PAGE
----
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kyle h.

Junior Member
are cross drilled and slotted rottors going to help your 60-0 stopping distance any? i have been told it wont and have been told it will. i read an article in motor trend. they seemed to focus mainly on the tires for stopping. if i get the brembo cross drilled and slotted rottors for all 4 wheels and get stainless lines, will this help me noticably? or would i actually need a larger caliper or stronger master cylinder? im looking for personal experiences...not technical bullshit, or theories
Ever since getting my slotted and drilled rotors up front (with stock pads, lines and calipers), I've noticed no brake fade under heavy braking (nothing like autocross or anything like that though). I think they're worth it, I'm sure that others will tell you they're not. However, I don't think just stainless lines will help your performance any. They only let you run high-pressure DOT 5 fluid with something like 4-piston calipers.
If they do, I'd think it would be nominal. But hey, why not install them if you have them, it would just entice you to fully upgrade your brake system. :D
well here's the techy theory BS

while braking to slow the vehicle, under certain conditions outgasing from the brake pad occurs, it can create a film (more like an air gap) between the rotor and the pads. sometimes called brake fading.

Drilled and slotted rotors I get a little weary of if they are not manufactured by a reputable company. drilling them arbitrarily can decrease the mechanical limts of the rotor.

So will slotted and drilled rotors help you stop better , shorten your stopping distance?
sometimes, depends on the conditions.

you can also achieve better shorter braking distances by using a different material brake pad, like ebc green, or red.

IMHO a slotted rotor is good enough for street use. helps get rid of the outgasing fumes.

It never hurts to upgrade your brakeing system, larger master cylinder, 4piston calipers, etc... wilwood or something similar
I was under the impression that brake fade was caused by the brake fluid boiling under high-temperature conditions. This is where DOT 5 fluid and stainless steel lines come into play. DOT 5 will have a higher boiling point, which in turn requires a higher maximum pressure (Ideal Gas Law: pv=nrt), hence the required stainless steel lines.

Edit: For those who have trouble with chemistry (like myself), pv-nrt means
pressure x volume = n (a constant) x r (a "gas constant", depends on the fluid present) x temperature
So as temperature increases, to keep the equation balanced, pressure does as well.
yeah brake fade is mainly caused by brake fluid boiling, but the effects of outgasing feel the same as a brake fade
i use motul rbf 600, it is DOT 4, silly wilwoods wont accept DOT 5, but i guess 600 is a good boiling point :)
do you guys (4 luggers (4x100)) use and simple brake upgrades for the front calipers? i have a 3rd gen prelude and i have heard that 4th gen rotors will fit...but they dont really appeal to me...i was looking for dual piston or something...i found some, but its a british company. anything else?
4 piston wilwood's up front baby, oh ya...

sorry, i love posting that pic ;)
DOT5 is Silicone, outside of racing (Like lemans) noone uses it. I am not sure that racers use it anymore. It absorbs water quickly, and eats through any rubber seals in your brake system. DON'T USE IT. Get some Motul 600 RBF or the likes. It is DOT4 that boils at higher temps than the silicone and it is compatable with stock brake systems.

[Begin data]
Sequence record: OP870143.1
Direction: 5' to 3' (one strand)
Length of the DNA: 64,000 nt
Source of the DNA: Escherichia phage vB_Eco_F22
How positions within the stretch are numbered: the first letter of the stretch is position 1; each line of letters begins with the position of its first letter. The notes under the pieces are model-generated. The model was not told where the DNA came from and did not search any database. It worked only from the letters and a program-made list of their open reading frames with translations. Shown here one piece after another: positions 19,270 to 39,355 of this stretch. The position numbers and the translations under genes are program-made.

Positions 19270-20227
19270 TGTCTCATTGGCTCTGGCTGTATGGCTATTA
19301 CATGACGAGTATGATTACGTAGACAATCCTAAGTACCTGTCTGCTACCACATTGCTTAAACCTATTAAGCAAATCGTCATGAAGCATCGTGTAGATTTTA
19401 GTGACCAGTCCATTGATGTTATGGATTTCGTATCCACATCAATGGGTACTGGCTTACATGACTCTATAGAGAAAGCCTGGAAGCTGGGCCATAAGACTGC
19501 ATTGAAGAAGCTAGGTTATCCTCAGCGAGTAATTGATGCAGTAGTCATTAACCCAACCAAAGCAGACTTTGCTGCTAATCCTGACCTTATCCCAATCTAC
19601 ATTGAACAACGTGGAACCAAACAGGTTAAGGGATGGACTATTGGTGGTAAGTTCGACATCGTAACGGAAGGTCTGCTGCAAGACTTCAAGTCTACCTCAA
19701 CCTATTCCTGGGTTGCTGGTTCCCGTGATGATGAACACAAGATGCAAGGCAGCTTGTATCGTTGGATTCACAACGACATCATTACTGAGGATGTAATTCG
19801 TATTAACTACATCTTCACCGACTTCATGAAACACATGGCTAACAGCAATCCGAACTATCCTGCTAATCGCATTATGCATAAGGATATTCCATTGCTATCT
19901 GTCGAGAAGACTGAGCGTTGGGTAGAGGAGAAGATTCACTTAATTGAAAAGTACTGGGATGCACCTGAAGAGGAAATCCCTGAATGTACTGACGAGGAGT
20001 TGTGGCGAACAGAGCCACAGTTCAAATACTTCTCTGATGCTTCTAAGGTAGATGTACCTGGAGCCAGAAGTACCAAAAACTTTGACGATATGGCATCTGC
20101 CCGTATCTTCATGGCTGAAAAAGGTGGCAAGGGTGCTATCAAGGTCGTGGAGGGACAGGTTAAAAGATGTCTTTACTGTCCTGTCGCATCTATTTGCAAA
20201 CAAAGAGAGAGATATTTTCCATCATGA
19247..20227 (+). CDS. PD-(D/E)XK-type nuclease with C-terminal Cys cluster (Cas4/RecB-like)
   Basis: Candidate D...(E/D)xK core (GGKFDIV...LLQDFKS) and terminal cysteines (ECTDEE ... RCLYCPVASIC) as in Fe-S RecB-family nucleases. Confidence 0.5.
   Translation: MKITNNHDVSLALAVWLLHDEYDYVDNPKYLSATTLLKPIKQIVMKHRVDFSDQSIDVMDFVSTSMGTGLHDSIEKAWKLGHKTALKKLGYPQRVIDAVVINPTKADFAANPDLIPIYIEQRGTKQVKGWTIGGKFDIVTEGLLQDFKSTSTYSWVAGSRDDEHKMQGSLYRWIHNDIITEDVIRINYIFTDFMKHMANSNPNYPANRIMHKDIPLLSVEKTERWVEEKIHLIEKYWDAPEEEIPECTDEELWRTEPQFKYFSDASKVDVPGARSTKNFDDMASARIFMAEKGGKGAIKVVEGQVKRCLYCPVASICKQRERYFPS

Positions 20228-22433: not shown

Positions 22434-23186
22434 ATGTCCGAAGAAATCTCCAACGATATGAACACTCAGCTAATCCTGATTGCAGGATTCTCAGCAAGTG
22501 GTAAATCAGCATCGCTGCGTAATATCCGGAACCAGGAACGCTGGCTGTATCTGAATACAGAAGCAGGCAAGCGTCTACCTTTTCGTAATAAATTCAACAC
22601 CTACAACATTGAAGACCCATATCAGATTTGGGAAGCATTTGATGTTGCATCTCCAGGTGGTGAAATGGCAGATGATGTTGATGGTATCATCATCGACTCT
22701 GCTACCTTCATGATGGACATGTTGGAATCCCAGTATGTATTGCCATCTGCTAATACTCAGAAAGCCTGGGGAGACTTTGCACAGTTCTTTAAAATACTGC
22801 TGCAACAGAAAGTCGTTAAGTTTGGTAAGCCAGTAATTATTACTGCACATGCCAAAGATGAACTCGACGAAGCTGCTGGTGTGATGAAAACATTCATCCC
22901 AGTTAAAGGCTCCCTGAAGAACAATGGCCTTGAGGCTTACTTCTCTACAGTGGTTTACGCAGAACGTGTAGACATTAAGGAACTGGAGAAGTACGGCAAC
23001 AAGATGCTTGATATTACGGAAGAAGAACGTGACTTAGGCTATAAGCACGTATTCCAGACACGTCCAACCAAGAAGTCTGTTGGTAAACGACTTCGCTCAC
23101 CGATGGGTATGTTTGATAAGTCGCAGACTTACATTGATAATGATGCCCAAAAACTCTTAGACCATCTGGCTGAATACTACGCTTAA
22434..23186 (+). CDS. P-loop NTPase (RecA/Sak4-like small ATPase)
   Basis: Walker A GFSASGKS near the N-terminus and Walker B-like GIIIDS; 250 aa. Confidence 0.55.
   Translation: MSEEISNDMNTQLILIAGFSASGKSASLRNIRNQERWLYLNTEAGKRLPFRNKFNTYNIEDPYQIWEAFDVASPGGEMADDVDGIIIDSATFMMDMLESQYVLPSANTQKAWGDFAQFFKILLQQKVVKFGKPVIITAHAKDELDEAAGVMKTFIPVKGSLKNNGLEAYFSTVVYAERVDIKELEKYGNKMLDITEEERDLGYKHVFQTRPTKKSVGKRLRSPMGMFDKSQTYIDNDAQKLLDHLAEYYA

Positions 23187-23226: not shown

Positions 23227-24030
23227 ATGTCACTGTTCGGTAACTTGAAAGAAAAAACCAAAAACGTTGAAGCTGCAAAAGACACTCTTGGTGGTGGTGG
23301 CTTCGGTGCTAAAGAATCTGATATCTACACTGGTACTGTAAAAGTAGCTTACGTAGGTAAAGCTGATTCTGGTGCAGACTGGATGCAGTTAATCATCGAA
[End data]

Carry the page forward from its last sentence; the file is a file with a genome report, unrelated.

Originally posted by B16@Oct 15 2002, 06:17 PM
4 piston wilwood's up front baby, oh ya...

something a little cheaper i was thinking...
Motul brake fluid is sweet- got some DOT4 in my car right now.

Stainless braided lines won't make you stop any faster, but they don't flex and bulge like rubber lines- so you'll have more control and less mush in your brake pedal. You will feel the difference.

Slotted/drilled rotors will not make you stop any better unless you're outgassing your pads.. I've experienced this several times on my stock brake setup, and it sucks.

Slotting your rotors is good for avoiding outgassing/glazing your pads. Cross-drilling is really just for weight reduction so your rotational mass is less, and you get better acceleration and suspension response. Cross drilling has the bad effect of reducing surface area on your disc though, so it can have a negative effect on your braking performance. Slotting does not reduce surface area nearly as much as cross-drilling, and it has more function... I would much rather have one extra pound in my rotors if it meant that I was stopping faster.

If you really want it, run slotted rotors on the street, but avoid the cross drilled models- sometimes they can crack, and it really doesn't do much for you.
i'll tell you what though, those brakes are worth it. 650 for the whole kit, and my car stops on a freakin dime :) the rear disc conversion has helped too, but i feel much safer in my car now knowing that i can stop. the stock dx brakes on my car were just scary to me.
I have crossed drilled rotors and I noticed the difference. I drive down a mountain like 2-3 times a week and it really helps the brake fade! Just make sure which ever rout you go, get some good quality pads!
Quality pads will make the biggest difference if you leave everything the stock size. Hawk HPS's man.
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